Solo marathon starts with trilogy of trilogies

Phoenix Theatre brings back alumnus one-man wonders

Charlie Ross performs three one-man shows Oct. 11 to 17.

Charlie Ross performs three one-man shows Oct. 11 to 17.

Charlie Ross trades in airfare, cab rides and hotel beds for a 15-minute commute by foot to bring his trilogy of trilogies for a one-week gig at the University of Victoria.

“I can’t think of the last gig I was able to walk to,” said the UVic alum, who kicks off the theatre department’s 50th anniversary Alumni Festival. “I won’t have to do any Skype dates with my family while I’m doing my job, my trilogy of trilogies.”

Over the one-week engagement, the Gordon Head resident performs his One-Man Lord of the Rings, One-Man Star Wars Trilogy and One-Man Dark Knight: A Batman Parody between Oct. 11 and Oct. 17 – billed as the One-Man Marathon.

Ross lands Oct. 10 after wrapping a gig in London; the night after closing at Phoenix Theatres, he opens a two-week showing at Pumphouse theatre in Calgary.

“I’ve lived down the street but I work everywhere else. I very rarely get the chance to work in Victoria, which is crazy.”

In 2000, he and fellow UVic alum TJ Dawe (another in the celebratory one-man marathon) were working with a third friend in Toronto on radio plays for a live audience.

“Star Wars is what I knew best. I thought it would work better as a three-person thing. I gave them the script and they tried to read it and didn’t get what I was going for,” Ross said. They suggested he do it himself. “I thought that’s stupid … it actually did make a lot of sense.”

It harkened back to something he’d learned during work between his second and third years at UVic with a Fringe group in 1994. “The people that were doing solo shows, they were still able to get by. They only had to float their own boat. So it made sense to try this solo with no costumes, no props, no overhead,” he said.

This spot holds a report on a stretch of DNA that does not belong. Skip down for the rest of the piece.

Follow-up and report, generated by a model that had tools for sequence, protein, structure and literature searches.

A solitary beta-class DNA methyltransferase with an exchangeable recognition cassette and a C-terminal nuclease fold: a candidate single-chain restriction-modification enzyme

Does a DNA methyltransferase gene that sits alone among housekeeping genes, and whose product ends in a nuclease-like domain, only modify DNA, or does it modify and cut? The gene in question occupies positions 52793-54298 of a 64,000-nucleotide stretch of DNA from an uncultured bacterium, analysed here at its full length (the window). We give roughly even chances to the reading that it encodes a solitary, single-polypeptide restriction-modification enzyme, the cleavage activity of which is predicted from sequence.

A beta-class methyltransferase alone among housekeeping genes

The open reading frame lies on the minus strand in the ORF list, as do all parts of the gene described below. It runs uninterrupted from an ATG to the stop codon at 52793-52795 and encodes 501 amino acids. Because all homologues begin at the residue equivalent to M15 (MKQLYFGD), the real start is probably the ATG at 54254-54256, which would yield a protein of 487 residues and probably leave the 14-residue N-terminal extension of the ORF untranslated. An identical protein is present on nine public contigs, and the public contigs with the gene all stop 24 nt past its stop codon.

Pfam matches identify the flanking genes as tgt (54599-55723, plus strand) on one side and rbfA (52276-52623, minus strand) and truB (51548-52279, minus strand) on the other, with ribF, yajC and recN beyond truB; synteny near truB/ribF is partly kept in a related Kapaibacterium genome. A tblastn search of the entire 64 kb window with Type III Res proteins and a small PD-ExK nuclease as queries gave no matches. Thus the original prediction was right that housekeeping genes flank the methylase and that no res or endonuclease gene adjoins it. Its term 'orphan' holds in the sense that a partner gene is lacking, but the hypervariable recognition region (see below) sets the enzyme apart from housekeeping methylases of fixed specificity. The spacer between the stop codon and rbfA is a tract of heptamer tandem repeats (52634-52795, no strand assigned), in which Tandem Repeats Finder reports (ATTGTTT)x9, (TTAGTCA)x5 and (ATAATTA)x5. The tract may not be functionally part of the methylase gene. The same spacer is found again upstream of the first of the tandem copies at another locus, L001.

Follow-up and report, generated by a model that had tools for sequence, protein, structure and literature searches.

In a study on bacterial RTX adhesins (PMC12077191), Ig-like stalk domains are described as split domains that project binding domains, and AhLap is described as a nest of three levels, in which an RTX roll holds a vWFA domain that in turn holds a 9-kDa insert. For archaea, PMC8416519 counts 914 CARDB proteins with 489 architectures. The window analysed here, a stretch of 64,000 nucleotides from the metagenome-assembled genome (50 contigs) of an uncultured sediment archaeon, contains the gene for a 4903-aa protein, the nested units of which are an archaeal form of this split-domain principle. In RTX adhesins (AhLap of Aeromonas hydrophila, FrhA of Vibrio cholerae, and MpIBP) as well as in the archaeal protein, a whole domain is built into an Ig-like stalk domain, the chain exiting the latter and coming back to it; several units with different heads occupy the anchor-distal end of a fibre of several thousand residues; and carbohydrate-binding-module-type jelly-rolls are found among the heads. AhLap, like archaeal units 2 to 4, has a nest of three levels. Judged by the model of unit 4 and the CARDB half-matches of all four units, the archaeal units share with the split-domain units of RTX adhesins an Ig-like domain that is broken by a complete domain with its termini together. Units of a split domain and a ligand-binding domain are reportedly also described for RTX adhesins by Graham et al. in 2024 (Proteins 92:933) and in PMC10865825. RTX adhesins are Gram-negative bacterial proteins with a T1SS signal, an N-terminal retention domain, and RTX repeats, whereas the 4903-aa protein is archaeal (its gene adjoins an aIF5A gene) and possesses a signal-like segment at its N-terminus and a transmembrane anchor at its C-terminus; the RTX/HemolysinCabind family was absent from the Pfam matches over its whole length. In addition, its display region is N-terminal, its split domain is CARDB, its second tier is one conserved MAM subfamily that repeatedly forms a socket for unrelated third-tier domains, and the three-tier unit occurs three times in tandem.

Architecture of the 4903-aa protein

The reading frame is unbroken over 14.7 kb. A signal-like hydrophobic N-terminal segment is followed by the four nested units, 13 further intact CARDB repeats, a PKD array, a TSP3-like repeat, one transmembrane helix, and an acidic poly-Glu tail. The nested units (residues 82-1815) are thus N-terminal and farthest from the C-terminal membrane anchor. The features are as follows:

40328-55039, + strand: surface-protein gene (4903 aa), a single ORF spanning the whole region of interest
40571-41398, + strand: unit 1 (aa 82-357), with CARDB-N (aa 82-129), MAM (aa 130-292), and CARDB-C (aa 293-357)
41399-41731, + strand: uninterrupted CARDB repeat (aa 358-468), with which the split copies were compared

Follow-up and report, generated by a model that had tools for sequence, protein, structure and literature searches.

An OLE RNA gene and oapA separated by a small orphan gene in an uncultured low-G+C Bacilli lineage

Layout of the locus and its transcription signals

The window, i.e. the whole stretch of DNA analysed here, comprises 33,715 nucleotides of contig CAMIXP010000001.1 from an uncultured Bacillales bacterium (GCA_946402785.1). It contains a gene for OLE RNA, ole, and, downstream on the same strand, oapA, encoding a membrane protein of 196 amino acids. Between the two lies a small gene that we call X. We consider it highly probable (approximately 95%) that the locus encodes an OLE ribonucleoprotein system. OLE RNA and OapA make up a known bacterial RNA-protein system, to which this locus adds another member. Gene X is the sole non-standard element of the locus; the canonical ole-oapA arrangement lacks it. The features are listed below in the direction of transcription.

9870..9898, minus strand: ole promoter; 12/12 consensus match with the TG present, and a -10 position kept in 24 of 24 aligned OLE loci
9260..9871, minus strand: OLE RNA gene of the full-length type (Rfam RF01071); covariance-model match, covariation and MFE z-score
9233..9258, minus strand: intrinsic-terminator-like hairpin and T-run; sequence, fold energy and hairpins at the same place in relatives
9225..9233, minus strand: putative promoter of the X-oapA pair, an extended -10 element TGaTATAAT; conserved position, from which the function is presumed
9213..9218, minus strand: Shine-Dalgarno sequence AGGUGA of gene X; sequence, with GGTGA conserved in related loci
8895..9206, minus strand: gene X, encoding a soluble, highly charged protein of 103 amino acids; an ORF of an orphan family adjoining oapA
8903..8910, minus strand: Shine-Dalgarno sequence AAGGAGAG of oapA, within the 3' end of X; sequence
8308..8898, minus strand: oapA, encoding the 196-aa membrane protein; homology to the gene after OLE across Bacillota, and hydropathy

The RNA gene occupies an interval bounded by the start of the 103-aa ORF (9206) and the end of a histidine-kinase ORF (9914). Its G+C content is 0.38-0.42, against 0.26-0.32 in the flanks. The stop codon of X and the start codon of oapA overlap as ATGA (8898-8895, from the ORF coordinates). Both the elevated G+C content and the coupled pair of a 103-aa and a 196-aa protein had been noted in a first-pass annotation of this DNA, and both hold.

Star Wars took 18 months to gather momentum and hasn’t slowed since.

“This is the analog viral experience. It took a long time but when it picked up …,” he said. “It just seemed like an idea that would run its course very quickly, but Star Wars is beyond what people in any form of industry can anticipate. It continually turns out billions of dollars for all the people involved.

“Lucasfilm got on board and I got licensed by Lucasfilm and that gave this a weird air of legitimacy even though it was still just (me) being ridiculous on stage.”

The One-Man Star Wars “captures the child’s exuberance that we sometimes lose,” Ross said.

His one-man shows are sort of like children and now he has a teen, a tween and a toddler: Star Wars, 16, Lord of the Rings, 11, and the baby, two-year-old Batman. He plays no favourites among them. “They’re all so different. That’s the cool thing about when you start to put together shows, they take a different part of your heart. They really become your children in a weird way and you tend to love your children no matter what.”

Batman took him a bit longer, interrupted by the the 2012 mass shooting inside a Colorado movie theatre during a midnight screening of The Dark Knight Rises. Twelve people were killed and 70 injured.

“It haunted me. I had a hard time getting past that,” Ross said. “Making this type of show, it’s accessing the little geek inside of you and that just shook me out of my reverie. I had a hard time not thinking about that (shooting). I thought that can’t be the lasting legacy. It’s meant to be fantasy and escape. I’m part of the positive stuff that’s out there.”

Batman, however, is not the one that drains him onstage.

Perhaps predictably, the 12 hours of Lord of the Rings film reduced to the adaptation is significantly longer and more character-riddled than the others. “Lord of the Rings is the one that kicks the crap out of me,” he said.

Despite the challenges, he looks forward to presenting all three within a week at his alma mater. “It’s a lot of different voices, a lot of different heads. … To do all three will be very interesting because they are all slightly different,” Ross said.

Ross’ shows mark the first of three performers in the Anniversary Alumni Festival Oct. 11 to 29 at UVic’s Phoenix Theatre. TJ Dawe performs The Slipknot Oct. 18 to 22 and Shannan Calcutt performs Burnt Tongue Oct. 25 to 29.

“It’s weird to think I’ve lived down the street from UVic all these years but I’ve been busy and working. I feel like I’m bringing back more value in myself,” Ross said. “In so many ways Victoria gave me all the opportunities I ever had, not just to act and study acting. I wrote (these shows) here, I rehearsed them here. This is where they begin. So it’s a thrill to be involved.

“I’ve tried to keep my career in such a way that I can make a living but also in a sense honour what came out of UVic at that time.”

Visit www.finearts.uvic.ca/theatre/phoenix for more details and ticket information.

 

 

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